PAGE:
Friday, June 10, 2011

Blood Money (1933)

“You know, people outgrow each other just like they outgrow clothes.”

            If I had a chance to go to film school to study film history and had to pick a specific period for films I would pick the 1930s because of the Pre-code years and the screwball comedies. Pre-code Hollywood came out with some of the greatest films such as King Kong, A Free Soul, The Divorcee, Three on a Match, Taxi, Public Enemy, Night Nurse, It Happened One Night and many, many more. If looked at in a historical context these films are risqué and intriguing, wild and sexy. Blood Money is one such intriguing film to come out of the pre-code era. Not one character has a redeeming quality they are all seedy individuals who in many ways are just out for themselves and do not care if their actions hurt/ruin anyone else.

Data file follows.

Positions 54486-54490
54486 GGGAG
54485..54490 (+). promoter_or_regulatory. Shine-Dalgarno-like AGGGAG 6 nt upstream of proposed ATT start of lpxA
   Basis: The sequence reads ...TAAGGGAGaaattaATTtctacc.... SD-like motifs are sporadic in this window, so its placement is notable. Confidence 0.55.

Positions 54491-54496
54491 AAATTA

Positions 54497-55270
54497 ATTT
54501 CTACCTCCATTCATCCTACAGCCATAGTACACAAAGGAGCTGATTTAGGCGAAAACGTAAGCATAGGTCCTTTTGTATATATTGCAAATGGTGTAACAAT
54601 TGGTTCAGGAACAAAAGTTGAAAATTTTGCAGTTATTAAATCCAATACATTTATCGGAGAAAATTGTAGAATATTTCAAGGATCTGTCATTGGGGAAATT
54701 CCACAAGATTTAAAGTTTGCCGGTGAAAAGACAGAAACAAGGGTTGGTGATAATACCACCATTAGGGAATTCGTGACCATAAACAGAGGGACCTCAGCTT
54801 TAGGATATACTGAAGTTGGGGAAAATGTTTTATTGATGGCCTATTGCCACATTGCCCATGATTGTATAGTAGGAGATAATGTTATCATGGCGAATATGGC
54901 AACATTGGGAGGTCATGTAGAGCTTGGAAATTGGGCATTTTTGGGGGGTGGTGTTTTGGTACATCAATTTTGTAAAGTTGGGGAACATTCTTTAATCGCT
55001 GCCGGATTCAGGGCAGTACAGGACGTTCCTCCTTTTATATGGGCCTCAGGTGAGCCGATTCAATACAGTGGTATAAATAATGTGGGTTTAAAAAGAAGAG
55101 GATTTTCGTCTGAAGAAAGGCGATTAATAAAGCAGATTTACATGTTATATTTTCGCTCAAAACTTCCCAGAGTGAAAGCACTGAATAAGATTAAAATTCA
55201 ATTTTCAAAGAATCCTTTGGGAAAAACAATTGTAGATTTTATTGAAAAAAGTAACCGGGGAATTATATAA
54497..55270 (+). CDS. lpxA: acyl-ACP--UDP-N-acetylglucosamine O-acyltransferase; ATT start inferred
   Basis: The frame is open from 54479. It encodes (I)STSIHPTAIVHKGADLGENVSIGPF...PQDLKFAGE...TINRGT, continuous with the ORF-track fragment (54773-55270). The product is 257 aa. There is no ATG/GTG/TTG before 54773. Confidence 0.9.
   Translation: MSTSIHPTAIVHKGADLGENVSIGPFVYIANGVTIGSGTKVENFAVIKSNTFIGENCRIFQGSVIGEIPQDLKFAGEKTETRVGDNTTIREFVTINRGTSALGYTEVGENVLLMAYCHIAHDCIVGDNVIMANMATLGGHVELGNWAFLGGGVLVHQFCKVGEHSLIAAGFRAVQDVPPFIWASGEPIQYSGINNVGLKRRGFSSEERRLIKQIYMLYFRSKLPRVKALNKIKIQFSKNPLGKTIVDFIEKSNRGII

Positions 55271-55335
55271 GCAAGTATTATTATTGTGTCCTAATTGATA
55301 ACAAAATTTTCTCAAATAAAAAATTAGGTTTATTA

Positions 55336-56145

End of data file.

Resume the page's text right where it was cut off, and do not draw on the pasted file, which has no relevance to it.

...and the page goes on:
Bill Bailey is a former, disgraced cop turned bail bondsman. Everyone goes to them for help with most of his clients being corrupt, underground criminals. He has a girl named Ruby but he does not seem to commit fully to her. It is almost as if he takes advantage of having her in his life. Ruby runs a gambling house. Her brother Drury is in and out of trouble. Drury just gets out of jail from a previous crime and he goes and robs a bank. His bail has been set at $50,000.
            One day a young woman gets arrested for shoplifting. She has the money to get out so she goes to Bill to set the bail. She goes by the name of Jane Smith so she will not have to give her real name but Bill finds out her name when he has the phone she calls her home from tapped. He learns her name is Elaine Talbart and she is a society girl. He manages to get the charges brought against Elaine dropped and he begins falling for her. Elaine is a spoiled society girl looking for any thrill she can find to escape her boring life. At a party Elaine’s father tells Bill she has underworld mania she goes to gangster films and reads detective stories.